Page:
While studying the effects of exendin-4 on the pancreas, Dr. Egan and her colleagues found that it also seemed to have beneficial effects on the brain. Specifically, GLP-1 stimulates the growth of neurites (developing neurons) in cell culture, and both GLP-1 and exendin-4 protect mature neurons against cell death. In fact, research increasingly suggests that there may be a link between some neurodegenerative disorders and metabolic dysfunction. The hope is that drugs, such as exendin-4, that enhance metabolic function may also be useful in the treatment of neurologic disease.
Building on these findings, Dr. Egan and others in the NIA Intramural Research Program have tested exendin-4 in cellular and mouse models of several neurodegenerative diseases. The results are promising. For example, using a mouse model of Huntington’s disease, they found that exendin-4 reduces the accumulation of the mutant huntingtin protein, which is implicated in the disease’s onset and progression. The treatment also improved motor function and extended the survival time of the Huntington’s disease mice.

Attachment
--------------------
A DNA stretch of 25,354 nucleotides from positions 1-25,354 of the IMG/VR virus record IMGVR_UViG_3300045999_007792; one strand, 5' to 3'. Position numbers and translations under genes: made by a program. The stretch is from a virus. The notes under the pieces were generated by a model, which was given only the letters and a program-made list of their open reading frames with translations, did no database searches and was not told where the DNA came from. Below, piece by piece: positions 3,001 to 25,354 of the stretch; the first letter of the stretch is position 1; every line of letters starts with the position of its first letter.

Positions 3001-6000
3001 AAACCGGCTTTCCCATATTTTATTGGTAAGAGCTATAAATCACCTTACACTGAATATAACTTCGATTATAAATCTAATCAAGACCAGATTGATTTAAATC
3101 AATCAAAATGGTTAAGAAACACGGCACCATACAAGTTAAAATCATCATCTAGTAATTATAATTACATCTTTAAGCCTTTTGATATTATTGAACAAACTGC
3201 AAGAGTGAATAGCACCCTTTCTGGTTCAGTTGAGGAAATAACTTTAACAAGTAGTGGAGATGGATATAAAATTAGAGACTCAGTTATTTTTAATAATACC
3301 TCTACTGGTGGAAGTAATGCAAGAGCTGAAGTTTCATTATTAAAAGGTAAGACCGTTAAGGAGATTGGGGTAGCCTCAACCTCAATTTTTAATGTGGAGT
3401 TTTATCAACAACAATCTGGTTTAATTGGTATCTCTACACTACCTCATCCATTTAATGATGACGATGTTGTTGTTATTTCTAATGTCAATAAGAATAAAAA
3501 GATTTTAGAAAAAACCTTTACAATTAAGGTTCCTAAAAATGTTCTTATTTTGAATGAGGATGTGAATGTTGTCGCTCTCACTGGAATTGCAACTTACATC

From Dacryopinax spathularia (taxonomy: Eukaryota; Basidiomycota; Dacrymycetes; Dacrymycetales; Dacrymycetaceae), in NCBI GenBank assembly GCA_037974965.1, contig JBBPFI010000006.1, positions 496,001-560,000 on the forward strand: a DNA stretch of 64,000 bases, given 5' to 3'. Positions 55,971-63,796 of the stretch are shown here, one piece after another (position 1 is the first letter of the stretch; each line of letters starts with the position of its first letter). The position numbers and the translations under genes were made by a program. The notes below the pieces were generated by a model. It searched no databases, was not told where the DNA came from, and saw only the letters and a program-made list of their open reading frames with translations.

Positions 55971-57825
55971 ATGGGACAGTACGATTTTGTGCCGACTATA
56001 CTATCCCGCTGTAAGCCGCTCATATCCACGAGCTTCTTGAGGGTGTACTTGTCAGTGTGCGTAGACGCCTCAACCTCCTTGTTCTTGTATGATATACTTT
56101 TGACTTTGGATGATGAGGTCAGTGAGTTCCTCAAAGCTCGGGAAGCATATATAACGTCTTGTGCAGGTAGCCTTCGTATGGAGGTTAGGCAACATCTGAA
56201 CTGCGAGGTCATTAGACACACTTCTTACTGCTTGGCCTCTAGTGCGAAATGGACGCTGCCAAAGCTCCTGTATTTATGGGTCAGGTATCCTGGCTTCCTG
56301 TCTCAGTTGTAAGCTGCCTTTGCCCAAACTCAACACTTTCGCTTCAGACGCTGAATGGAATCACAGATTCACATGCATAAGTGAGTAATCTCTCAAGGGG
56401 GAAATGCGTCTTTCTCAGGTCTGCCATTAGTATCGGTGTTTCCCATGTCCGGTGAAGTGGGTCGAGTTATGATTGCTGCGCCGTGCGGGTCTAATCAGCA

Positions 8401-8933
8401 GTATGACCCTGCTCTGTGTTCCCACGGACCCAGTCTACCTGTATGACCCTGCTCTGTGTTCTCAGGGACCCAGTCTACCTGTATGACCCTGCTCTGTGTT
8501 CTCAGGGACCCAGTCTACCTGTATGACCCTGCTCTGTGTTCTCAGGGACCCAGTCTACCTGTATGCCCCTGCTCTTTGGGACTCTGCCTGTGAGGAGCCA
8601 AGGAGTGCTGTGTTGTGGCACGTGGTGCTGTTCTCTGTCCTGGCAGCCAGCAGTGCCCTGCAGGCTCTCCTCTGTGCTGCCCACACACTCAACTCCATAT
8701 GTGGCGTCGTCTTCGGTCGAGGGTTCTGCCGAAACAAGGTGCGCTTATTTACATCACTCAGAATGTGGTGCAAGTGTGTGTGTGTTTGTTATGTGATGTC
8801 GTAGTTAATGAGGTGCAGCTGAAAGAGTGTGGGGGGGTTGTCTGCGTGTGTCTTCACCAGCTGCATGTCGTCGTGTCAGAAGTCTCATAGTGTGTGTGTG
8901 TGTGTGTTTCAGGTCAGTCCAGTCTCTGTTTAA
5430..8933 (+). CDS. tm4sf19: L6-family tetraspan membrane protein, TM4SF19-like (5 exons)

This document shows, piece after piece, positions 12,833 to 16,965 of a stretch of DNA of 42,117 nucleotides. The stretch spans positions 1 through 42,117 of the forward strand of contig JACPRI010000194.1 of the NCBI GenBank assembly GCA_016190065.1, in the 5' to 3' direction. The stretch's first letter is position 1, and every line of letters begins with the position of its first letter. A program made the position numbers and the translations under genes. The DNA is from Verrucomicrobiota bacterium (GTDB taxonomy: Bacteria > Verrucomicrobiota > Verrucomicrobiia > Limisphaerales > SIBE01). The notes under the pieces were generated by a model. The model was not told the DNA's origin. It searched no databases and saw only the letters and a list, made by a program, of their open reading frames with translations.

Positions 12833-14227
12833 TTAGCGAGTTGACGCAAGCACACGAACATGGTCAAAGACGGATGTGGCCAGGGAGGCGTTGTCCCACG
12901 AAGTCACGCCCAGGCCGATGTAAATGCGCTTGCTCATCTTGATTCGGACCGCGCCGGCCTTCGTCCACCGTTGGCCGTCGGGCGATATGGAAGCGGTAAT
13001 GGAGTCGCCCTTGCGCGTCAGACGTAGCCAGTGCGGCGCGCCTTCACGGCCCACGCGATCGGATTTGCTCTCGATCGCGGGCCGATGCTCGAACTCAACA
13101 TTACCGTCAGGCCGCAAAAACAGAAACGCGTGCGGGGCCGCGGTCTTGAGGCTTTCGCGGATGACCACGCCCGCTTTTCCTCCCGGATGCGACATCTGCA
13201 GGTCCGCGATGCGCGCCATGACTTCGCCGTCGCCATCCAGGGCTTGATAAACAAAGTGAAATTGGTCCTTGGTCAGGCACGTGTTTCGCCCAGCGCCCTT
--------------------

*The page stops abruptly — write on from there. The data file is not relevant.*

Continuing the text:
In other studies, investigators found that exendin-4 significantly reduced levels of amyloid beta protein (a hallmark of Alzheimer’s disease) and its precursor molecule in mice models of the disorder. It also proved beneficial in cellular and animal models of another neurodegenerative disorder, amyotrophic lateral sclerosis (ALS), or Lou Gehrig’s disease.
via National Institute on Aging | The Leader in Aging Research.